his toast-and-butter under the eye of Mannering. Lucy, while she
indulged to the uttermost her affection for her recovered brother,
began to think of the quarrel betwixt him and Hazlewood. The
Colonel felt the painful anxiety natural to a proud mind, when it
deems its slightest action subject for a moment to the watchful
construction of others. The lawyer, while sedulously buttering his
roll, had an aspect of unwonted gravity, arising, perhaps, from the
severity of his morning studies. As for the Dominie, his state of
mind was ecstatic!--He looked at Bertram--he looked at Lucy--he
whimpered--he sniggled--he grinned--he committed all manner of
solecisms in point of form--poured the whole cream (no unlucky
mistake) upon the plate of porridge, which was his own usual
breakfast--threw the slops of what he called his "crowning dish of
tea" into the sugar-dish instead of the slop-basin, and concluded
with spilling the scalding liquor upon old Plato, the Colonel's
favourite spaniel, who received the libation with a howl that did
little honour to his philosophy.

The Colonel's equanimity was rather shaken by this last blunder.
"Upon my word, my good friend, Mr. Sampson, you forget the
difference between Plato and Zenocrates."

"The former was chief of the Academics, the latter of the Stoics,"
said the Dominie, with some scorn of the supposition.

"Yes, my dear sir, but it was Zenocrates, not Plato, who denied
that pain was an evil."

"I should have thought," said Pleydell, "that very respectable
quadruped, which is just now limping out of the room upon three of
his four legs, was rather of the Cynic school."

"Very well hit off--But here comes an answer from Mac-Morlan."

It was unfavourable. Mrs. Mac-Morlan sent her respectful
compliments, and her husband had been, and was, detained, by some
alarming disturbances which had taken place the preceding night at
Portanferry, and the necessary investigation which they had

"What's to be done now, counsellor?" said the Colonel to Pleydell.

"Why, I wish we could have seen Mac-Morlan," said the counsellor,
"who is a sensible fellow himself, and would besides have acted
under my advice. But there is little harm. Our friend here must
be made sui juris--he is at present an escaped prisoner; the law
has an awkward claim upon him; he must be placed rectus in curia,
that is the first object. For which purpose, Colonel, I will
accompany you in your carriage down to Hazlewood House. The
distance is not great; we will offer our bail; and I am confident I
can easily show Mr.--I beg his pardon--Sir Robert Hazlewood, the
necessity of receiving it."

"With all my heart," said the Colonel and, ringing the bell, gave
the necessary orders. "And what is next to be done?"

"We must get hold of Mac-Morlan, and look out for more proof."

"Proof!" said the Colonel, "the thing is as clear as daylight; here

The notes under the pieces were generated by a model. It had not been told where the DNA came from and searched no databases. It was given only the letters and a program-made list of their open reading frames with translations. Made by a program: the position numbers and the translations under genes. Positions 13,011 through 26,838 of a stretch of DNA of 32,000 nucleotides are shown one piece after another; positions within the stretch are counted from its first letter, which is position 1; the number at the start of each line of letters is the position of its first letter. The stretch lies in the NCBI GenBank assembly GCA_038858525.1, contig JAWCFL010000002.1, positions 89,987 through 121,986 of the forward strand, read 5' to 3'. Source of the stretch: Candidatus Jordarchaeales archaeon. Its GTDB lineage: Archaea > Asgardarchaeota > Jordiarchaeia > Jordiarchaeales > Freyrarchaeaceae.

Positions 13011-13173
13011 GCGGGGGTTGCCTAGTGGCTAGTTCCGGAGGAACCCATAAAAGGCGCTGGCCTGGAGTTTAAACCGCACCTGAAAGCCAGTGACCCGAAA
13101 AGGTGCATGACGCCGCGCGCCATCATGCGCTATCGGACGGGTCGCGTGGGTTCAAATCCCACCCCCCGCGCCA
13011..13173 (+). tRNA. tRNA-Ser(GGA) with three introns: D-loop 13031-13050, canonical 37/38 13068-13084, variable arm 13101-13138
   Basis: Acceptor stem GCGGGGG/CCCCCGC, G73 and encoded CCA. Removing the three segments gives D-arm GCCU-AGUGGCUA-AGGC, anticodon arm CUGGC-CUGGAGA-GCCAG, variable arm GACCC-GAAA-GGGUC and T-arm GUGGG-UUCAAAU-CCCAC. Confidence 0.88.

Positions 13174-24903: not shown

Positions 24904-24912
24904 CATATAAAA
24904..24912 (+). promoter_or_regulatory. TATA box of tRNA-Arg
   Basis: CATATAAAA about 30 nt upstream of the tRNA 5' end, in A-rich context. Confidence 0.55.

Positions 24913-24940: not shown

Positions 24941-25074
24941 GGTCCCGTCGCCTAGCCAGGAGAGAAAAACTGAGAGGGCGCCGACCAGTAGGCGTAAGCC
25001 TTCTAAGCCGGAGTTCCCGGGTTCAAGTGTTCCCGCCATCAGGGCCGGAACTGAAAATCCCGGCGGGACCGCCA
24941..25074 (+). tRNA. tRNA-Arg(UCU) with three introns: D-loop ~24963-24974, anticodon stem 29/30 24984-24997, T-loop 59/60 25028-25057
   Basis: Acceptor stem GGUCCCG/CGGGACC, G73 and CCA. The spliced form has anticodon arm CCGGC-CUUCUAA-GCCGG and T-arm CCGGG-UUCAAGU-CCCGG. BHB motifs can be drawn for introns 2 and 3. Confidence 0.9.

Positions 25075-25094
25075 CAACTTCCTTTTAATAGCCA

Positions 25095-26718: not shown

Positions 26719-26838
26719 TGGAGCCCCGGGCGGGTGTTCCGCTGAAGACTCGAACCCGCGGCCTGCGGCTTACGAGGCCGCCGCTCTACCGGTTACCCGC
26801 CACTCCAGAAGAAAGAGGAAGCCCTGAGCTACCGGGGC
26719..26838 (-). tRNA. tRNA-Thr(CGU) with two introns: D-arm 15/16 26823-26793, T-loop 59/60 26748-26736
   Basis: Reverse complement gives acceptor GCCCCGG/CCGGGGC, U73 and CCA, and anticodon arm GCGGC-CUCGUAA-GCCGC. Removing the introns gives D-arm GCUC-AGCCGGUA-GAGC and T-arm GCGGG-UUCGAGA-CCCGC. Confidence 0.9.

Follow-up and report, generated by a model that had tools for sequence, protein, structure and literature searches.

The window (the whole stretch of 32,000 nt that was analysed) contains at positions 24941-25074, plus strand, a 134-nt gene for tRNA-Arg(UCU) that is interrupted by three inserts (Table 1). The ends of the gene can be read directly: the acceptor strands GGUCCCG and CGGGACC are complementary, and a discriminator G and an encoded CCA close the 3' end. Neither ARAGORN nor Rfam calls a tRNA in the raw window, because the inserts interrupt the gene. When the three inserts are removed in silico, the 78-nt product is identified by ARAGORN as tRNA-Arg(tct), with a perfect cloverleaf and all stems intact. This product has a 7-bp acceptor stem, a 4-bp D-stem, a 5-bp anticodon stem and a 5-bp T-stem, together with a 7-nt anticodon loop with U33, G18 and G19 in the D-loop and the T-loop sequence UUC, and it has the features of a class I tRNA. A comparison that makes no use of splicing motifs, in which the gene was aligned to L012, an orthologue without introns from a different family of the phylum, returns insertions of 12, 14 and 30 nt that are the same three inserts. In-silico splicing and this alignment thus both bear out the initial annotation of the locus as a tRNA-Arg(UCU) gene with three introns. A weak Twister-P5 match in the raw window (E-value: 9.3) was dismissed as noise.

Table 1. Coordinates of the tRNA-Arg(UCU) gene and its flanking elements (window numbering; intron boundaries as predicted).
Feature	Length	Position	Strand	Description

are Mr. Sampson and Miss Bertram, and you yourself, at once
recognise the young gentleman as his father's image; and he himself
recollects all the very peculiar circumstances preceding his
leaving this country--What else is necessary to conviction?"

"To moral conviction nothing more, perhaps," said the experienced
lawyer, "but for legal proof a great deal. Mr. Bertram's
recollections are his own recollections merely, and therefore are
not evidence in his own favour; Miss Bertram, the learned Mr.
Sampson, and I, can only say, what every one who knew the late
Ellangowan will readily agree in, that this gentleman is his very
picture--But that will not make him Ellangowan's son, and give him
the estate."

"And what will do so?" said the Colonel.

"Why, we must have a distinct probation. There are these
gipsies,--but then, alas! they are almost infamous in the eye of
law--scarce capable of bearing evidence, and Meg Merrilies utterly
so, by the various accounts which she formerly gave of the matter,
and her impudent denial of all knowledge of the fact when I myself
examined her respecting it."

"What must be done then?" asked Mannering.

"We must try," answered the legal sage, "what proof can be got at
in Holland, among the persons by whom our young friend was
educated.--But then the fear of being called in question for the
murder of the gauger may make them silent; or if they speak, they
are either foreigners, or outlawed smugglers. In short, I see

"Under favour, most learned and honoured sir," said the Dominie,
"I trust HE, who hath restored little Harry Bertram to his friends,
will not leave His own work imperfect."

"I trust so too, Mr. Sampson," said Pleydell; "but we must use the
means; and I am afraid we shall have more difficulty in procuring
them than I at first thought.--But a faint heart never won a fair
lady--and, by the way (apart to Miss Mannering, while Bertram was
engaged with his sister), there's a vindication of Holland for you!
what smart fellows do you think Leyden and Utrecht must send forth,